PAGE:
The beautiful thing about other cultures and other languages is that everyone sounds the same when they are on a roller coaster. The squeals of anticipation, the screams of enjoyment (or terror) the nervous laughter as you find yourself hanging upside-down, and waiting for the breaks to release and send you 90 degrees straight down.
Yes, we are all the same when we ride roller coasters.
I learned this lesson on Day 5 of my excursion into Japan. (Look – I am determined to finish this darn travel essay, so you are just going to have to bear with me, and deal with it. There will be shiny, more up to date things, once I am done here, I promise. So just shoo if you need to and come back later. )
Bright and early, Nathan and I struck out to the famed Fuji-Q Highland amusement park, because the only logical thing to do while you are in Japan is to go view Mt. Fuji from the top of one of the highest roller coasters in existence. So we ventured out from Ōme, Tokyo to Fujiyoshida, Yamanashi, a little over 80km away, with a traveling breakfast, as one is supposed to in these situations.
A steamed pork bun
and pancake sandwiches
…perfect for making your way to a fun-filled day of “Do I really want to go on this ride?” and “ Oh god, why did I want to go on this ride?” And lastly, “ LETS GO BACK ON THAT RIDE!” Because this is how I approach all roller coasters, and important life choices in general. I became more and more excited as we got closer to our destination and I could see the great feat of nature that the park took its name from.
At the time of year that we were currently in, there was still a think blanket of snow covering its top, and being the non-skier that I am, I imagined how fun it would be to ski down Mt. Fuji in a completely safe and not-at-all-dangerous way. Because snow.
Eventually, the ultimate FUN ZONE appeared upon the horizon.
We walked up to its gates.
And we faced our First Opponent.
It was wind-y …… It was tall.
It was AWESOME!
Now that we were warmed up, we decided to go for SPEED over height.
Unfortunately, I was far too focused on OMGFUNTIME! that I did not take as many detailed pictures. So you are stuck with words. Words of power and awe. Words that defy description!
OK, perhaps not that last part.
So, as previously alluded to, the next big coaster we rode was Dodonpa.
It is the hot-rod of roller coasters, with its, ” Hey, Watch this!” attitude as it counts down, and then launches you through a chute at over 170km/h. Or not. Sometimes it tricks you, and makes you think that there is a problem with the launch, only to shoot you out in a surprise move of mechanical prankishness. Because it can.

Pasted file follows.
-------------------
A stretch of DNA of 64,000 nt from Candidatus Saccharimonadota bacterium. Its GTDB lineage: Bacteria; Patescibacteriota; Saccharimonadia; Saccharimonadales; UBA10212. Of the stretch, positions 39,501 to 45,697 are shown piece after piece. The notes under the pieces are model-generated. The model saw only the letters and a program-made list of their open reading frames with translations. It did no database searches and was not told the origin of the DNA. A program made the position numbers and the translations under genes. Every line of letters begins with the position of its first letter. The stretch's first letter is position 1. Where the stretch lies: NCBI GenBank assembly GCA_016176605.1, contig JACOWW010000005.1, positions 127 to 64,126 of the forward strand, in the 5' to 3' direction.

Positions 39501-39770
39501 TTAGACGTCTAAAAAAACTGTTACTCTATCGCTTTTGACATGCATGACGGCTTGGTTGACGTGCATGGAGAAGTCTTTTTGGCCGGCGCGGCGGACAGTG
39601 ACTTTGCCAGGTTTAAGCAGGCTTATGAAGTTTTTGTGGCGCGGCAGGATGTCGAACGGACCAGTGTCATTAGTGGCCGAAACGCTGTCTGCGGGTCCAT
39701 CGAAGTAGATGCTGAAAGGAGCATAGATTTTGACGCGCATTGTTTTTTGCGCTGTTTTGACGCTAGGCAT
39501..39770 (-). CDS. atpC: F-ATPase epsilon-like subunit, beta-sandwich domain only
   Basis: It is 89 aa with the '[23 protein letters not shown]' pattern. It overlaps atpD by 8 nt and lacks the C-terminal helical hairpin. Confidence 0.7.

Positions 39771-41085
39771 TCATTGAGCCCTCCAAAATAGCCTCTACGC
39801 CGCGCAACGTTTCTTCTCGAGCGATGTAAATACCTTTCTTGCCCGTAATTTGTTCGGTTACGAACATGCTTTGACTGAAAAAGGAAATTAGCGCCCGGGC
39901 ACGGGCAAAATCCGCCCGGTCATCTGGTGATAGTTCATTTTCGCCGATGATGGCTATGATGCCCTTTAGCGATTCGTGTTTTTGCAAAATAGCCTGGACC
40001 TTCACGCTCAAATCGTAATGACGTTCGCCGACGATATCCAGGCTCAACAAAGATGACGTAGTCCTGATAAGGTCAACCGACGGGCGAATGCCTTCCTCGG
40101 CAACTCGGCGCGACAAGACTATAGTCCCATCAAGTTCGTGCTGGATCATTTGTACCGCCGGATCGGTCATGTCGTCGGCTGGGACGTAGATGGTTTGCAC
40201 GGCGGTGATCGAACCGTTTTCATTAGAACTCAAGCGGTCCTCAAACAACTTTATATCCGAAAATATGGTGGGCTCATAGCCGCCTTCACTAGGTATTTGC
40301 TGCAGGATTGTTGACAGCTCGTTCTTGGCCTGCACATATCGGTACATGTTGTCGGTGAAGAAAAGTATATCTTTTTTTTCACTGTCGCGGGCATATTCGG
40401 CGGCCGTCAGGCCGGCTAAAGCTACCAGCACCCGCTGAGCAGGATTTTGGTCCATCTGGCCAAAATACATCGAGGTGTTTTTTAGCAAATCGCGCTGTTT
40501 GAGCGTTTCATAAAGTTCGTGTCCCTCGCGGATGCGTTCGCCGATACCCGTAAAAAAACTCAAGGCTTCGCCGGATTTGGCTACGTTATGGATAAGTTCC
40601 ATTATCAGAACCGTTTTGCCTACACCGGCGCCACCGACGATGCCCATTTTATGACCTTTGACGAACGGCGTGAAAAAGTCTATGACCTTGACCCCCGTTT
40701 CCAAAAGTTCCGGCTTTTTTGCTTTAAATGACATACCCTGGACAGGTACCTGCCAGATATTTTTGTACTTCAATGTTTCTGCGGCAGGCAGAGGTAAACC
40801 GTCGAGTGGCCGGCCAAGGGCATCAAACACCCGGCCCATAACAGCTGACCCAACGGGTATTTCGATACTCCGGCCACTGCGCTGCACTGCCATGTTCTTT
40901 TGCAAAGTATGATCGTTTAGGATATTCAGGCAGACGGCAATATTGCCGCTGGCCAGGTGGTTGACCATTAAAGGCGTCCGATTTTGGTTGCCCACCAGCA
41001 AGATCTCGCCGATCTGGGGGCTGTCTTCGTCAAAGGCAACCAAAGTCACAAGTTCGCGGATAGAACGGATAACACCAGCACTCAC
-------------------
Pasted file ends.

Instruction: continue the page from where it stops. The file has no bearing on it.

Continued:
Next was Takabisha.
I think this was my favorite of all the coasters we rode, for two reasons. 1) Because even if you know that it is going to pause you on that hump, you still find yourself yelling, ” Why?! Why must you do this?!” to the gods and roller coaster engineers alike.
And 2) because this coaster is EVEN SNEAKIER than Dodonpa. “How?” you might ask…. Simple:
Just because that rise you see coming up from the ride is the first thing you can see,does NOT mean it is the first part of the ride…. Oh No. It is not
No, the first part of the ride is in the dark. After a neck-breaking turn. Away from what you think is going to be the beginning of the ride. With many twists. THEN you get to the outside part. Thinking back on it, my first reason is probably directly caused by the second reason. I now have a third reason.
So before venturing off to the final coaster of the day, I shall share with you some other views of the rest of the park.
There were ants.
There were Zombies.
There were Nekos.
And there were Angels.
OK, now that we’ve seen the place a bit more, let’s move on the the big kahuna. The white whale. The ghost pepper hot wing challenge.
This is the mother of all coasters here at Fuji-Q. This is the coaster that you seriously question your life choices before, during, and for some, after riding this marvel of mad engineering.
I tried to get a good picture, but the entire platform insisted on rattling the whole time.
This might have been why.
But we went on the ride. We survived. We did not throw-up.
I did not regret this life choice at all.
And that ended day 5. It was a wonderful way to enjoy that part of Japan, that many outside travelers do not take the time to do. If you get the opportunity, seize it.
I leave you with motivational posters. Or advertisements. Or both.